Is this not truly a word to fall in love with? It is an excellent long word, and it presents to the eyes parallel lines in parallel sets: Ille and ille, by coincidence Latin for “he” (or “that one” or sometimes “the”), two waterfalls or fast-flowing streams with but the icy c between them, leaving a wet finish. This word is filled with similar shapes, not just the repeating lines but also the echoing e e e with the partial image c and the tumbling a, and then the angling and breaking w and t. It may confuse the eyes – who expects an ae there, and who can easily pass through that forest of lines on the first try? One might as well read it backwards – at least teawellicelli looks legible, and you can have a tea from the well with a bit of vermicelli or a glimpse of a Botticelli.
But to hear it is to hear liquids, those paired /l/s, with a soft voiceless /s/ and the smooth glide of /w/ before stopping at last at /t/. Though some may think it like “Illy, silly, what”, you will more likely hear “ill a silhouette” or “illa Scylla what”. But we will not say one is illicit.
And what does this word elicit? Fluids. Swift water and slow ice. In Glacier National Park in British Columbia, there is a glacier called the Illecillewaet Glacier, and from it flows the Illecillewaet River. The river was thus named by Walter Moberly, who used the word for “swift water” in the language of his guides (who were from the Okanagan Valley). Moberly was a surveyor and was looking for trade routes through the mountains. He followed the river upstream, looking for a pass; when it forked, he took the north fork. After he looked that way, he had run out of time to check out the east fork before winter came. It would be another 18 years before Major A.B. Rogers went that way, found a pass, and named it after himself, leaving Moberly with some ill feeling. Now the Trans-Canada Highway runs along the Illecillewaet River as it flows from its glacier towards Revelstoke. (For much of this information I thank Glen W. Boles, William Lowell Putnam, and Roger W. Laurilla, for their book Canadian Mountain Place Names: The Rockies and Columbia Mountains.)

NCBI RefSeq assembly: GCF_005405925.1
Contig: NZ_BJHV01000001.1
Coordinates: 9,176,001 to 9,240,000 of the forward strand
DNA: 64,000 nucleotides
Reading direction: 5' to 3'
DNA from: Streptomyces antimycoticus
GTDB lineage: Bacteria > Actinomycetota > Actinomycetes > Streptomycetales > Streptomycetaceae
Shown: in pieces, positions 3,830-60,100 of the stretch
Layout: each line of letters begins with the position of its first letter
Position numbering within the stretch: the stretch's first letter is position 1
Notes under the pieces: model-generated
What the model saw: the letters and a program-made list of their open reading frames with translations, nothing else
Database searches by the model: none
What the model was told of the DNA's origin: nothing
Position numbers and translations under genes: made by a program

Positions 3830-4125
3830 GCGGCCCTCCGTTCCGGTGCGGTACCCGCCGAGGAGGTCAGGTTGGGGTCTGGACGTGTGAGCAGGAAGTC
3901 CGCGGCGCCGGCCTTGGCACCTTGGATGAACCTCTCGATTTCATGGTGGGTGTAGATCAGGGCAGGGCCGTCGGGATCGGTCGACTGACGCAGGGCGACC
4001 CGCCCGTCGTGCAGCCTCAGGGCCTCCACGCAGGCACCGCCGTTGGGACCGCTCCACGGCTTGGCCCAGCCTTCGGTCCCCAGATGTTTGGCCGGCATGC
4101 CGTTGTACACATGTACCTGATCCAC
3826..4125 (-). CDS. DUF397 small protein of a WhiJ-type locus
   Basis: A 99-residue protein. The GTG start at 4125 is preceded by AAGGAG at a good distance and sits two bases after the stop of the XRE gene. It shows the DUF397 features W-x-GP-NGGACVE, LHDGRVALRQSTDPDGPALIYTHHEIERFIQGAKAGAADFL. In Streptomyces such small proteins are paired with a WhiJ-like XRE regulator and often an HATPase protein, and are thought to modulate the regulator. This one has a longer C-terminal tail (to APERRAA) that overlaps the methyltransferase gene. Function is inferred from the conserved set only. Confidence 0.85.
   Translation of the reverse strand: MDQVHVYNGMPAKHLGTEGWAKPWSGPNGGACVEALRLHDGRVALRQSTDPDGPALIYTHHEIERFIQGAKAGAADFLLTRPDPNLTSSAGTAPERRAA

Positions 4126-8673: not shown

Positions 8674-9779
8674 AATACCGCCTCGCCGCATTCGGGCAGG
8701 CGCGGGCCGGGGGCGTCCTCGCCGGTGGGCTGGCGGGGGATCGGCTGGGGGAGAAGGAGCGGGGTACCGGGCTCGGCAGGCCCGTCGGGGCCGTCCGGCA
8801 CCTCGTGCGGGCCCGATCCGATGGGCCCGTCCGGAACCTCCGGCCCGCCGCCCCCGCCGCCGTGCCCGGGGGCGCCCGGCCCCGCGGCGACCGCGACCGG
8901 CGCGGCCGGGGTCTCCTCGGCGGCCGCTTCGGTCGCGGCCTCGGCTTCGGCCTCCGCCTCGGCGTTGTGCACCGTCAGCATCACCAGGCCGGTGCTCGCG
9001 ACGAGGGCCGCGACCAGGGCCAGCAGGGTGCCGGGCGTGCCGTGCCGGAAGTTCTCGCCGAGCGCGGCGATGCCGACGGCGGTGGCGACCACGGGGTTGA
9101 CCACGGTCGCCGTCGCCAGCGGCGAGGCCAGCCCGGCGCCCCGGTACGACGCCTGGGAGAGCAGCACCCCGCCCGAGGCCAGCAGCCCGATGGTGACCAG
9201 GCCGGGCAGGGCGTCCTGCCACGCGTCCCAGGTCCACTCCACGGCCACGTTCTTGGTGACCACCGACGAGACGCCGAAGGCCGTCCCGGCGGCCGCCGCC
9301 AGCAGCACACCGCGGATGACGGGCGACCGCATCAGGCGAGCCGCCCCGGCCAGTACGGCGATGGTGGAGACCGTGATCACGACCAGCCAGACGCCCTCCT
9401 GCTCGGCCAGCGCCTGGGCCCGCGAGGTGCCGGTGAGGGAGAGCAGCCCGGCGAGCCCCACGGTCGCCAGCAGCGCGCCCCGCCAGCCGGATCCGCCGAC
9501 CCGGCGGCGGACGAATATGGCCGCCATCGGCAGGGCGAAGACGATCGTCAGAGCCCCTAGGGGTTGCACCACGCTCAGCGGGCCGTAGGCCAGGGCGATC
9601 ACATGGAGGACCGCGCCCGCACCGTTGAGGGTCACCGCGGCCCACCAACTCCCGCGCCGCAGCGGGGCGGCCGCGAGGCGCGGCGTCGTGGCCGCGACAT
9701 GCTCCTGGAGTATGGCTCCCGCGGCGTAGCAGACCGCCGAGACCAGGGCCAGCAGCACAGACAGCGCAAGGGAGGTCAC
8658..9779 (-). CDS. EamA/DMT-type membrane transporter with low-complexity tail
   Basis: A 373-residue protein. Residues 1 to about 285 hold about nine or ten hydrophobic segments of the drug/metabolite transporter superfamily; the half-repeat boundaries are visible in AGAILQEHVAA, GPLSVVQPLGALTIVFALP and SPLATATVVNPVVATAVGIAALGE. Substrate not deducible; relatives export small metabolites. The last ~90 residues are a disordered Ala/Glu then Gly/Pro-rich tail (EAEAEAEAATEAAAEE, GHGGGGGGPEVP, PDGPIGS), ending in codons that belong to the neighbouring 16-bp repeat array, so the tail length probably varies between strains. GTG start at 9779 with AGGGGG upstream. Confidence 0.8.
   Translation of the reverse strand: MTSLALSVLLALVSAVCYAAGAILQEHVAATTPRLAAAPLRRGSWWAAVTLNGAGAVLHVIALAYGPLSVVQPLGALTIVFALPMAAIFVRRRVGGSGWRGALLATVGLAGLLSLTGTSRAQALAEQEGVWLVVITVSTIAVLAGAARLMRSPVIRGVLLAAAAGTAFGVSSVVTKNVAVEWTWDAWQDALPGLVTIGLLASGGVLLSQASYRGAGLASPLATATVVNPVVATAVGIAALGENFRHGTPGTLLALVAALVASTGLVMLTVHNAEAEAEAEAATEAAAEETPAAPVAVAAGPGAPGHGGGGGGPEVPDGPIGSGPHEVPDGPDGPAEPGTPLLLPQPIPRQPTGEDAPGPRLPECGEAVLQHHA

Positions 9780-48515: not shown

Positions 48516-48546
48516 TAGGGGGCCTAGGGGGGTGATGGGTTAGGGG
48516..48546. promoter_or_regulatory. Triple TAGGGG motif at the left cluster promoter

But for a truly ill silhouette, consider the figure the glacier cuts. Oh, that one… since it was first photographed about 125 years ago, it has receded more than two kilometres. Even in the late 1800s and early 1900s it was retreating rapidly. You can see comparative pictures at www.cmiae.org/Resources/glaciers-lichens.php. There is still a heart of ice, and the river is still wet, but the reserves are being drawn down further and further, and with ever-reducing deposits, it’s caught between Scylla and Charybdis. Is it soon to be “dies irae, dies illa” for the Illecillewaet? Or may we somehow reverse the flow of time?
I thank Jim Taylor for suggesting this one.